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Professor of Physics, George Washington University

My research looks at the physics of collective behavior and emergent properties in real-world systems which are 'complex': from the physical, biological, medical domains through to social and even financial domains. A complex system is one in which unexpected phenomena emerge spontaneously at the macro-level, through the micro-level interactions of many objects over time. For example, traffic jams arise from the interactions of cars -- but understanding what a single car can do tells us little about the jams that emerge. The same holds true for applications in medicine (cancer tumors), molecular biology (macroscopic chromosone dynamics within E. Coli), neurology (brain function from individual neuron firings) through to economics and sociology (mass downloads of a given YouTube video, or crashes in financial markets). The fascinating feature of Complex Systems is that they all contain many interacting objects, with strong feedback from both inside and outside the system, and are typically far from equilibrium and exhibit extreme behavior.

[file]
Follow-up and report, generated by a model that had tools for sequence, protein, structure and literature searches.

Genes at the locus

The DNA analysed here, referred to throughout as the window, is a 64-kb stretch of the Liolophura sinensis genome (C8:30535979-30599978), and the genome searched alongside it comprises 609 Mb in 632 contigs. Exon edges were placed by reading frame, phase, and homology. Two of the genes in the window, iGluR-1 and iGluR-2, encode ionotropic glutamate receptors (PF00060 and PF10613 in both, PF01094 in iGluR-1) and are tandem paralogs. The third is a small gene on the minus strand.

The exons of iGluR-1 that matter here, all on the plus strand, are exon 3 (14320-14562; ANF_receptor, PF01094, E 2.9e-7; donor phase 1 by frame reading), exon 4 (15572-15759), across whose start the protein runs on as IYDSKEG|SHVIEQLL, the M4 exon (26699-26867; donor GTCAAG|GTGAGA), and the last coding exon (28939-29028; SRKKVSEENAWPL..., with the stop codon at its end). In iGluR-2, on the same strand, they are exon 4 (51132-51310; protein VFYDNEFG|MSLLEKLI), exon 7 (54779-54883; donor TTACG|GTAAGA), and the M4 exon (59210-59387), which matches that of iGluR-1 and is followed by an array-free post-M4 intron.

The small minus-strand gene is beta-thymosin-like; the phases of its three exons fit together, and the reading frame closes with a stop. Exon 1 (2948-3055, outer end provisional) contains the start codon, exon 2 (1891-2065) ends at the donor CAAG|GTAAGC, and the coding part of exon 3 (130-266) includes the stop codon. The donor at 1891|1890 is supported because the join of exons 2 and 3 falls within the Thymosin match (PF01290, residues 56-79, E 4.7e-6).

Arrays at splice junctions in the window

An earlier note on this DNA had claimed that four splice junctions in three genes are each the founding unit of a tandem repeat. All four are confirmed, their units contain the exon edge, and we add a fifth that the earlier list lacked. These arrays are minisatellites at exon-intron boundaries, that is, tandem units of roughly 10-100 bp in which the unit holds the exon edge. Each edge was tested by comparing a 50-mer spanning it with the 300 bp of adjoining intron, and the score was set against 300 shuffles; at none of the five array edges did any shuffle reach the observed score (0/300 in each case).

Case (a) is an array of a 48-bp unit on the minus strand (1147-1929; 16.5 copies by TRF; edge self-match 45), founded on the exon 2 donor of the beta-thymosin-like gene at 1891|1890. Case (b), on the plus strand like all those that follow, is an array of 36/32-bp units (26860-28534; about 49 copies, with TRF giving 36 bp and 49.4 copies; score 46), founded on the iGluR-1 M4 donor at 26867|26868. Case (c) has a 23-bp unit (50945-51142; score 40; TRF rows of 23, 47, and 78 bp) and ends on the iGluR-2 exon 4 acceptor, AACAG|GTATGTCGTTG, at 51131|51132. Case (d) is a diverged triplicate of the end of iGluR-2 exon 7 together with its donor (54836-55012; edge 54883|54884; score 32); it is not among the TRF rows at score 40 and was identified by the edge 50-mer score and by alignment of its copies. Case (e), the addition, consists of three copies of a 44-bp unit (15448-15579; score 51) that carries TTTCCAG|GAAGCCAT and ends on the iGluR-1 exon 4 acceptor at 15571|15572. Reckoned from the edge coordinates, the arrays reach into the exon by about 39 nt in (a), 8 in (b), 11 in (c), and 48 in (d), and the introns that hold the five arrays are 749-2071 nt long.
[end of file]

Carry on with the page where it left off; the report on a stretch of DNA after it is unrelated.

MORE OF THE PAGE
• –present
    Professor of Physics, University of Miami